Amsterdam , 2020

ONCE UPON A TIME THERE WAS A WOMAN

Collection of sculptures representing women in history with a glass ceiling.

Resin sculpture, mirror pedestal, glass and nylon.

Voluminous, naked, apparently pregnant and with large breasts, are the general characteristics of these representations of the feminine, the beginning of patriarchy, and of the role of women, fertility. In gender archeology, which deals with recovering the female half of ancient populations, there is little rigor that implies supposing that women were passive contemplating, making baskets. Now it is known for sure that the cave paintings were made by women.
Framis tries with this  sculpture to represent women as they are in the history of humanity, the woman with an invisible glass ceiling where female leadership has been atrophied. Framis, as in many of her works, tries to attract people through humor to denounce the state of women, in search of an egalitarian world for all for us.

Framis’ work often places people in front of a moral mirror. As gender archeology is slowly unmasking the social construction of gender identities of the past, it is becoming clear that women were not just passive participants. Yet women still face and have to deal with this misunderstanding in current society. By placing the typical representation of femininity and fertility, Venus, on a pedestal with her power stunted by a reflecting glass ceiling above her, the artist creates a symbol of women throughout the history of humanity. With the use of humor, Alicia Framis denounces the situation in which women are and have been and strives for a more equal world for everyone. By placing the sculpture on a mirrored pedestal, the spectator inevitably has to relate to the artwork and self-reflect.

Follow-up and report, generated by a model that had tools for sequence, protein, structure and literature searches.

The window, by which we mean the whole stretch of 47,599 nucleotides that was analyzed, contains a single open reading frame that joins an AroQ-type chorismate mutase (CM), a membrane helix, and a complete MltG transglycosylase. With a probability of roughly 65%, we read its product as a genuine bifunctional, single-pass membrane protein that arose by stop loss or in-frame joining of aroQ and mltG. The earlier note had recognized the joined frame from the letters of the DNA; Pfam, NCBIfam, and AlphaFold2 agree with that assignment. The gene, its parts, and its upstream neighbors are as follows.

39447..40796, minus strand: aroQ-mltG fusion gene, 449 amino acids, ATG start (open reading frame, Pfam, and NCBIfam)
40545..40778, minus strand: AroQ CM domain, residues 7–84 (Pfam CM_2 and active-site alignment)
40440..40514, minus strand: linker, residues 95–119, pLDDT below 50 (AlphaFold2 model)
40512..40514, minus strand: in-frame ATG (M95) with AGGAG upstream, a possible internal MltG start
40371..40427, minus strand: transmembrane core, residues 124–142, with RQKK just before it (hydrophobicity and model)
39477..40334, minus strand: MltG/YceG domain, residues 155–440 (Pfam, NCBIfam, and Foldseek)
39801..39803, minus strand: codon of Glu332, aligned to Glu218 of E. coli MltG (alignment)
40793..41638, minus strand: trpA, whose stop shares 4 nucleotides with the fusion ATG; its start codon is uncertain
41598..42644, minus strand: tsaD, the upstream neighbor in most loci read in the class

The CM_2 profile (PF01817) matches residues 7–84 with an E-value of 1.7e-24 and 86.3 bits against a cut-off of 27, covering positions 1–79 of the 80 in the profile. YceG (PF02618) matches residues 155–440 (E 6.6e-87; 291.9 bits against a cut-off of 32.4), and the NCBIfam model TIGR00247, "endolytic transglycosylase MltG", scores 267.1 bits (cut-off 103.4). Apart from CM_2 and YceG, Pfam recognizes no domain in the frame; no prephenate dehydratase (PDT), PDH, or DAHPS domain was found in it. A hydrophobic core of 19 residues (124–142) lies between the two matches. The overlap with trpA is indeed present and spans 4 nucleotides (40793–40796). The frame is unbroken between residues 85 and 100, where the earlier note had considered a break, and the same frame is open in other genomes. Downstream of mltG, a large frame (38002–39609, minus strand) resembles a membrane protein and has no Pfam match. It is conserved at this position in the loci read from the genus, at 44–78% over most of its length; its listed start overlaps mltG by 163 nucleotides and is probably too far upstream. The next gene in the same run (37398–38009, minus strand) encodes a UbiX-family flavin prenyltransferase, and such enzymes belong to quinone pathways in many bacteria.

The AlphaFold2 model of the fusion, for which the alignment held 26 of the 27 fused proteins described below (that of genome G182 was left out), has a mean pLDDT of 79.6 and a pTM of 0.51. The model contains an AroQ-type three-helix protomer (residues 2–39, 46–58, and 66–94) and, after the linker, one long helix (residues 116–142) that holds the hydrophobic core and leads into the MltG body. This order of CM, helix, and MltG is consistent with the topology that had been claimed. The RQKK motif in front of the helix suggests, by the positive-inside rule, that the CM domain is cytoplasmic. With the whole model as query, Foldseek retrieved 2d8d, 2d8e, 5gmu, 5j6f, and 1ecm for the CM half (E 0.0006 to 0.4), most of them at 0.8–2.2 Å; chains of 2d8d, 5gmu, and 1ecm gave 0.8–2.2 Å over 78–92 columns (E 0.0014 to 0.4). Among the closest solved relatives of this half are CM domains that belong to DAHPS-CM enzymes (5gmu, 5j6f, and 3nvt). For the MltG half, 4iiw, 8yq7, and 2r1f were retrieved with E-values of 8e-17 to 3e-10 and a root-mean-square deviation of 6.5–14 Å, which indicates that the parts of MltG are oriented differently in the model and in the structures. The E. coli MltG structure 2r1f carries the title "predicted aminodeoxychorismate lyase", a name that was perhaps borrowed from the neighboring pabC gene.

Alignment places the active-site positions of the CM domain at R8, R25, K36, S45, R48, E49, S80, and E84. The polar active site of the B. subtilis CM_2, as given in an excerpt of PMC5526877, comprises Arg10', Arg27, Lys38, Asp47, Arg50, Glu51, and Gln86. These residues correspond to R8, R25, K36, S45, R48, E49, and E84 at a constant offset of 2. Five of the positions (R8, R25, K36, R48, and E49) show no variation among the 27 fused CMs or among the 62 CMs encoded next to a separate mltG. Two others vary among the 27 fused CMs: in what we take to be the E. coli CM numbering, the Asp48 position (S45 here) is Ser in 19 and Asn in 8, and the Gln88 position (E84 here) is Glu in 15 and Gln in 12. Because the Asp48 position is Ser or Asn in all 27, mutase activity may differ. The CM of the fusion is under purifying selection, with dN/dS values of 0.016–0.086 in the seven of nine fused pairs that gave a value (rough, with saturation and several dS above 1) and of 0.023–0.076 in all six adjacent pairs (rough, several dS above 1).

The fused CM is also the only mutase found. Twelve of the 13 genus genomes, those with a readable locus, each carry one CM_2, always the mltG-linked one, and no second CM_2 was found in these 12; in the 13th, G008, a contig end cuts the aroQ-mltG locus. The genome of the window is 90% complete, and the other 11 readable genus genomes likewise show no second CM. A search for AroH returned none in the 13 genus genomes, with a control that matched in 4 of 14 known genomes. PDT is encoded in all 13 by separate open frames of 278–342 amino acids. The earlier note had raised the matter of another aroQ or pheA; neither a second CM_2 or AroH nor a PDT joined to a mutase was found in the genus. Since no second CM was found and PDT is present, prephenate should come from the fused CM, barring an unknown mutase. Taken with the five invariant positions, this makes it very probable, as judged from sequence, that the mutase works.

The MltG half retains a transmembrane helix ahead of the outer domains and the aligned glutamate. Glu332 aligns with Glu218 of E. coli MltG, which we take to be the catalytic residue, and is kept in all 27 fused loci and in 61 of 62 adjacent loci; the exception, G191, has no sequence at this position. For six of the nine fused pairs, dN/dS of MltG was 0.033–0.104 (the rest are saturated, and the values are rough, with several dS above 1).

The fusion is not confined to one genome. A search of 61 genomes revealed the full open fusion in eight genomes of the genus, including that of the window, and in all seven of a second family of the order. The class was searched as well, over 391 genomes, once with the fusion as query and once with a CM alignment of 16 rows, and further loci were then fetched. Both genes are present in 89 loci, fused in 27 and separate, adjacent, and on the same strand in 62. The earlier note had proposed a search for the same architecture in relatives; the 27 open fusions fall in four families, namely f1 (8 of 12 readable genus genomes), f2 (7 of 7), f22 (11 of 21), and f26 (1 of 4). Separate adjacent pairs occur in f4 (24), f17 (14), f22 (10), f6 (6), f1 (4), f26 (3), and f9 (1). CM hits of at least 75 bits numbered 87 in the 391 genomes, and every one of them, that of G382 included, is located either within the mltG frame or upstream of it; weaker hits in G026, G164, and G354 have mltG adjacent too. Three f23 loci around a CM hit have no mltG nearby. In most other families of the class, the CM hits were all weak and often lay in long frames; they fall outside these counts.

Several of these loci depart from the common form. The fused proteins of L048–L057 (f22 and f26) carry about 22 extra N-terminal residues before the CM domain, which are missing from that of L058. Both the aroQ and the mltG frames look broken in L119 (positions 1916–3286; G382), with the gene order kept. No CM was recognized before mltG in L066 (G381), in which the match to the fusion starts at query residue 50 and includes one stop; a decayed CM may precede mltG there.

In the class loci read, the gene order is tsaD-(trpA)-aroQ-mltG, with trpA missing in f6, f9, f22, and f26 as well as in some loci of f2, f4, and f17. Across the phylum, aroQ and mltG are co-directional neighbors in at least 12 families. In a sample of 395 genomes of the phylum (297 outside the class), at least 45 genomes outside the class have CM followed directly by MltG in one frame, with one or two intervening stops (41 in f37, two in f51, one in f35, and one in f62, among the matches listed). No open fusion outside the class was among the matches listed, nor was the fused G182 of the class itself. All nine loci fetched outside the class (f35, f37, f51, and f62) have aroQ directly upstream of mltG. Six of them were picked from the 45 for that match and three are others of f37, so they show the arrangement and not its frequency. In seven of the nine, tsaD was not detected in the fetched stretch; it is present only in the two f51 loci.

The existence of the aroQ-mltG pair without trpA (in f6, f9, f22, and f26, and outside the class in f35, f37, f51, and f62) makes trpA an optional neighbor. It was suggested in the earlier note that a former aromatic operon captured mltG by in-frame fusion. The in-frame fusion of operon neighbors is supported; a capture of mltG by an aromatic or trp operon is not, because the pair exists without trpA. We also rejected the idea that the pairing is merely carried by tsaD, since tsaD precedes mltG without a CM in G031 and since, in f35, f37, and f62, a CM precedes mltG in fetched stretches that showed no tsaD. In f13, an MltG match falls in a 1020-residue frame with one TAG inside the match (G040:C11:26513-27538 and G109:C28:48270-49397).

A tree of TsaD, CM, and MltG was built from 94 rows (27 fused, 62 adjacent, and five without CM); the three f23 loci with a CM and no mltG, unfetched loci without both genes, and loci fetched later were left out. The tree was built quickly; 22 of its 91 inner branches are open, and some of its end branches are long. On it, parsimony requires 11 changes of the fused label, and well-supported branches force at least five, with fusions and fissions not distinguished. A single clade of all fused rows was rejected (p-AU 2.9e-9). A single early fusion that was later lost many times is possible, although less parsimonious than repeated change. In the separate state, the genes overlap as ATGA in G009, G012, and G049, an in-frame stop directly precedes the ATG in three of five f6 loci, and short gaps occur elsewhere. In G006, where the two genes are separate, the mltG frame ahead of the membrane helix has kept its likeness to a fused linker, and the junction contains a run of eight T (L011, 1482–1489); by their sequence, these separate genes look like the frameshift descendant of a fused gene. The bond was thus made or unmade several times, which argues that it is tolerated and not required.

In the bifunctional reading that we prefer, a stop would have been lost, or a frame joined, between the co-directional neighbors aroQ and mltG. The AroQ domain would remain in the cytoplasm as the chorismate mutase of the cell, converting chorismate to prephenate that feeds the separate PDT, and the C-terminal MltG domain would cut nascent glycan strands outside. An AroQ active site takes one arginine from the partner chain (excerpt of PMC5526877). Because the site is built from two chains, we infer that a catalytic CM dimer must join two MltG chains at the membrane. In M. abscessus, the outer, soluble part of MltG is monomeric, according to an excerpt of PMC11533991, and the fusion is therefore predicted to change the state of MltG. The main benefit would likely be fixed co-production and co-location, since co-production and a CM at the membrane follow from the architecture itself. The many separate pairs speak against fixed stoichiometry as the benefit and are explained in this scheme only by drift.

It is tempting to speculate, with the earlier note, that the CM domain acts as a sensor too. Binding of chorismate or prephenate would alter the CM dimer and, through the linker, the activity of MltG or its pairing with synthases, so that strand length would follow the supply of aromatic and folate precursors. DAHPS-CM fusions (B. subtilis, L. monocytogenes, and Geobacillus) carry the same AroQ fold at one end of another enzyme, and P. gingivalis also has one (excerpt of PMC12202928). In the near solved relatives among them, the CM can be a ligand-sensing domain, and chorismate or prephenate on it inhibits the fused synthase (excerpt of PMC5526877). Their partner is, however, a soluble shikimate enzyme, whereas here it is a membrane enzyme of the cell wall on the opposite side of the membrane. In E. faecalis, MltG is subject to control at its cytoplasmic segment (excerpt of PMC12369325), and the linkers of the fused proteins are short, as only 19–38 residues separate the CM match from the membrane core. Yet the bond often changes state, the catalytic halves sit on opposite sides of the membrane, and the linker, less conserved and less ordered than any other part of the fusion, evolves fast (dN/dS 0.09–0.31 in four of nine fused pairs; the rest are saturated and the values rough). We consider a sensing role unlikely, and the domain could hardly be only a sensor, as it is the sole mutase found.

Images: Galeria Horrach Moyá (Lespugue version) and Gert Jan van Rooij (Willendorf version).

Voluminous, naked, apparently pregnant and with large breasts, are the general characteristics of these representations of the feminine, the beginning of patriarchy, and of the role of women, fertility. In gender archeology, which deals with recovering the female half of ancient populations, there is little rigor that implies supposing that women were passive contemplating, making baskets. Now it is known for sure that the cave paintings were made by women.
Framis tries with this  sculpture to represent women as they are in the history of humanity, the woman with an invisible glass ceiling where female leadership has been atrophied. Framis, as in many of her works, tries to attract people through humor to denounce the state of women, in search of an egalitarian world for all for us.

Framis’ work often places people in front of a moral mirror. As gender archeology is slowly unmasking the social construction of gender identities of the past, it is becoming clear that women were not just passive participants. Yet women still face and have to deal with this misunderstanding in current society. By placing the typical representation of femininity and fertility, Venus, on a pedestal with her power stunted by a reflecting glass ceiling above her, the artist creates a symbol of women throughout the history of humanity. With the use of humor, Alicia Framis denounces the situation in which women are and have been and strives for a more equal world for everyone. By placing the sculpture on a mirrored pedestal, the spectator inevitably has to relate to the artwork and self-reflect.

Images: Galeria Horrach Moyá (Lespugue version) and Gert Jan van Rooij (Willendorf version).